In the later hours of Tuesday evening, 5FM DJ Gareth Cliff was arrested and charged with speeding and reckless driving on R21 highway near Pretoria. I’m pretty sure I don’t need to even tell you about this, given the fact that this relatively minor incident exploded as a scandal-bomb on social networks Facebook and Twitter soon after it all went down. As one can expect from the interwebs, responses came thick and fast, with everything from calls for Cliff to be thrown into prison (along with all the wonderful experiences that could potentially come as a result), to suggestions that he should have been driving faster than the 182km/h that he was caught speeding at.
However, besides throwing out ridiculous comebacks like these, there is something else that these social networks have proven to be very good at: assigning blame.
The natural target in this situation is obviously Cliff himself, but that doesn’t mean that other parties won’t catch some negative PR – parties like Land Rover, the manufacturer of the Range Rover Evoque that Cliff was driving at the time. Now, it’s hardly a new thought that car manufacturers shouldn’t be allowed to make cars that can exceed South Africa’s maximum speed limits (its also a lame opinion, if you ask me), but its an argument that hardly ever fails to raise its pathetically underdeveloped head when speeding stories appear in the news.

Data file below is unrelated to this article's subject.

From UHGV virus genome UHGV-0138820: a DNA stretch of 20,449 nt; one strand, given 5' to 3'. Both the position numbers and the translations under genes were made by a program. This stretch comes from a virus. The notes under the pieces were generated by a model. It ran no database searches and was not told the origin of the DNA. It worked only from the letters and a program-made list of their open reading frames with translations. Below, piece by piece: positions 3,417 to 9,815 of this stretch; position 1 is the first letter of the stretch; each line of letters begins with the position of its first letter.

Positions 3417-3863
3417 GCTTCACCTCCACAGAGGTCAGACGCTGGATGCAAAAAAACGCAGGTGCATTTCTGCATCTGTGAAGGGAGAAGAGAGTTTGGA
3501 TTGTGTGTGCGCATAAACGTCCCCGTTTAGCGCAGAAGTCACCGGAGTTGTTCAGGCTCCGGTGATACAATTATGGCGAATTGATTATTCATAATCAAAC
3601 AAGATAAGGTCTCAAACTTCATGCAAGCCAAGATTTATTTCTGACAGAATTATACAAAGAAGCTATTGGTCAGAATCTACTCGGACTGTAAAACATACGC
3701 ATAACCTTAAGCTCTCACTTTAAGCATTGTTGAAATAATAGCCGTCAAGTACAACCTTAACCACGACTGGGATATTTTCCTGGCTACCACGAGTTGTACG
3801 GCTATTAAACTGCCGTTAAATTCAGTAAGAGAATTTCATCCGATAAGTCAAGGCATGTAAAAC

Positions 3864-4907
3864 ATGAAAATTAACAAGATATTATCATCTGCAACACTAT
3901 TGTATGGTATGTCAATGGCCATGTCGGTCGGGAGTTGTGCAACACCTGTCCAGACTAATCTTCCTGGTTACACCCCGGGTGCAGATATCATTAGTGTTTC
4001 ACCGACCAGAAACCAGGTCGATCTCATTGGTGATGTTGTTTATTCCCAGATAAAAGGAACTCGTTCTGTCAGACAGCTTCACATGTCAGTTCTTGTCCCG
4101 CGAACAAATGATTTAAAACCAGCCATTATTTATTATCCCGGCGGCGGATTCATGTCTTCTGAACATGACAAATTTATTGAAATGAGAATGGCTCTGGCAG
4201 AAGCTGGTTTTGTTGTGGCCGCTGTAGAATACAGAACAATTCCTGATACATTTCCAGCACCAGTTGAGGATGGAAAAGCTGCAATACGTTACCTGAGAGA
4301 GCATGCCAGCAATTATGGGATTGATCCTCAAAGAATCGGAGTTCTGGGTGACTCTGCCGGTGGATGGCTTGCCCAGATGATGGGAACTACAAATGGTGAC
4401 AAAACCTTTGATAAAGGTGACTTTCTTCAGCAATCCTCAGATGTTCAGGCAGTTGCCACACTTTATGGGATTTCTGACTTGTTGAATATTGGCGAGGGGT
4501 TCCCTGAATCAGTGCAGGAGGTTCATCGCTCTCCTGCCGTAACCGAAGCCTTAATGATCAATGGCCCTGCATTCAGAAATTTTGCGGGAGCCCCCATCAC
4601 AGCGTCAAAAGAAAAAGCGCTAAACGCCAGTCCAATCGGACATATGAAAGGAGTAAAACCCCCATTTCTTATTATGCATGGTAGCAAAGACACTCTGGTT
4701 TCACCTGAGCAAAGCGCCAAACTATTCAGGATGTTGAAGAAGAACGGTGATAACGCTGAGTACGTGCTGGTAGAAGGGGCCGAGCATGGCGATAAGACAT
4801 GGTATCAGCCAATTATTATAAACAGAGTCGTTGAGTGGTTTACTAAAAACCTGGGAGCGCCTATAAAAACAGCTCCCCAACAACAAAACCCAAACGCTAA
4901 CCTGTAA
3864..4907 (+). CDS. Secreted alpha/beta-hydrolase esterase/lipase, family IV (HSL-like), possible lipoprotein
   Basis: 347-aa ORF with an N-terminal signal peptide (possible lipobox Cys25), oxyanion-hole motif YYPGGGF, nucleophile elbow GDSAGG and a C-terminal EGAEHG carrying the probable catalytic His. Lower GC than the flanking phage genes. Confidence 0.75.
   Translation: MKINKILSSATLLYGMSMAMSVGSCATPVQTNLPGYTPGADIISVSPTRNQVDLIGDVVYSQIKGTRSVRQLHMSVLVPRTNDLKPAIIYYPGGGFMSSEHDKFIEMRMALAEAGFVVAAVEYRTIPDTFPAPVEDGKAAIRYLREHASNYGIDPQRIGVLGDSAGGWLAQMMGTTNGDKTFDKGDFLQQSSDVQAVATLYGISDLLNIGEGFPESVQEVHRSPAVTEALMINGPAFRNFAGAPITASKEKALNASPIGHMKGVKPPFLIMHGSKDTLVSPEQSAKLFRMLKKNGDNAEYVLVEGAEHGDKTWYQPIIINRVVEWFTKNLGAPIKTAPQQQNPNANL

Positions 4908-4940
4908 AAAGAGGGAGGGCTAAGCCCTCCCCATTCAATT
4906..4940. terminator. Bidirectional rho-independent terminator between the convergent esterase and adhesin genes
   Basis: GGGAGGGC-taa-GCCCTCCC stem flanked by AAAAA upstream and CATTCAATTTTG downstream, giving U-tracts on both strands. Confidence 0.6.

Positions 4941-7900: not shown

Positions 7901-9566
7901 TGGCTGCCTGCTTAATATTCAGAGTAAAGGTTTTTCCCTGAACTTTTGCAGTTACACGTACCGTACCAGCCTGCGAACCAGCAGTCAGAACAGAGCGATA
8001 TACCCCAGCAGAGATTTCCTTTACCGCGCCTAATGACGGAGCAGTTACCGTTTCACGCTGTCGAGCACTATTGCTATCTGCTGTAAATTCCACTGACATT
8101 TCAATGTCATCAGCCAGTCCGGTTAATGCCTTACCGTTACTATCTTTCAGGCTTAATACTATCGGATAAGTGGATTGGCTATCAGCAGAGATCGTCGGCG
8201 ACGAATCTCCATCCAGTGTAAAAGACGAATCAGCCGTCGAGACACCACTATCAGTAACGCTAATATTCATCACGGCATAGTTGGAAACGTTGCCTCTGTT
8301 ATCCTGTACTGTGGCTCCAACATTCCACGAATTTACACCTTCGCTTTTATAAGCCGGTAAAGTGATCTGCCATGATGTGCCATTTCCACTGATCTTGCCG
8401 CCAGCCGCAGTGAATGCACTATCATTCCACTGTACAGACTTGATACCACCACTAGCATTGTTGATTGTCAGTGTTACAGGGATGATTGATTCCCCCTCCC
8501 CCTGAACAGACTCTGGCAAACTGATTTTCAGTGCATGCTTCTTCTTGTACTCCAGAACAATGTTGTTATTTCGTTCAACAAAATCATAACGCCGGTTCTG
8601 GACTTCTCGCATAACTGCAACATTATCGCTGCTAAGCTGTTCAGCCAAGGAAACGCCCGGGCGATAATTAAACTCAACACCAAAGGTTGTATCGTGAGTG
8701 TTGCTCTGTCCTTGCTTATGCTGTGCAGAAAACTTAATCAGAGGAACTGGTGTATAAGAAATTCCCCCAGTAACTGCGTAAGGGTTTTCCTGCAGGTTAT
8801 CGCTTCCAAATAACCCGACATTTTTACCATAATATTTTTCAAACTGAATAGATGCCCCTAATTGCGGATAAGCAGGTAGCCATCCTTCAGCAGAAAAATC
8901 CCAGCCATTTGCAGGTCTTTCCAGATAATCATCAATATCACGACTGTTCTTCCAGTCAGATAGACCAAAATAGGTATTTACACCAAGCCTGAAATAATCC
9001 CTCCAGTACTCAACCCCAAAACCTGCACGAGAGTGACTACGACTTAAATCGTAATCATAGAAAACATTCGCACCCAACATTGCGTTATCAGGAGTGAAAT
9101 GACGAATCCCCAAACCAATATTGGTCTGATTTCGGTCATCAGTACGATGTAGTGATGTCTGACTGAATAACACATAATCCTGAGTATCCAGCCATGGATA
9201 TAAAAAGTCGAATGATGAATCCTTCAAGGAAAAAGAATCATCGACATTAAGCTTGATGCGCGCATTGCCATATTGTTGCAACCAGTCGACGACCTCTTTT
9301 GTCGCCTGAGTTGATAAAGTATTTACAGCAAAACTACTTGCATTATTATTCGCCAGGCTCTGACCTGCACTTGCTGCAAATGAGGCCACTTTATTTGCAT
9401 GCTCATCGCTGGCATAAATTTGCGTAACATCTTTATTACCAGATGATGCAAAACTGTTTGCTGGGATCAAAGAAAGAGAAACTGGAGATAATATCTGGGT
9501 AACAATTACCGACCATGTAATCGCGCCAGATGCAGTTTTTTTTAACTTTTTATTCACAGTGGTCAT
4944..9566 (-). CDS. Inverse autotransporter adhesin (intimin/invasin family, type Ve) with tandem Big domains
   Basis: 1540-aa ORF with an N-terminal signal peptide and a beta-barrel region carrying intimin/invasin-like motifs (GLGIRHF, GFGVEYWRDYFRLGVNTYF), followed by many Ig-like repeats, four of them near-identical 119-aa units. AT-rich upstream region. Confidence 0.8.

While the more reflective among us may point to the driver as the problem, not the vehicle, it’s still an accusation that has the potential to damage a brand’s image – and in a market as competitive as vehicle sales, that’s not something that a manufacturer can afford to let slide.
That’s why Land Rover and its creative agency Y&R came up with a clever tactical bumper sticker on Wednesday (not too shabby, time-wise, given the fact that the story only gained momentum on Wednesday morning), which essentially distances the company from the controversy. It simply reads, “Keep calm and slow down Gareth”, which (ever-so-subtly and quite rightly) points to driver error as being at the crux of the whole palaver, as well as cleverly playing off of the ‘Keep Calm and … ’ meme, which has been doing the online rounds for ages and has its roots in a poster produced by the Brits during WWII to raise morale among the population. This offering may just make Land Rover one of Twitter’s cool kids.
So props to Y&R and Land Rover for this one – but beware the potential social media backfire that many brands have fallen victim to. At least one Twitter user has put forth the idea that the entire affair was just a marketing ploy by the brand, and while I think the idea is laughable, the Twitter trolls are always game for a little bit of conspiracy theory. Then again, said user’s “name” is ‘FartQueen’. I wouldn’t be shaking in my boots if I was Land Rover.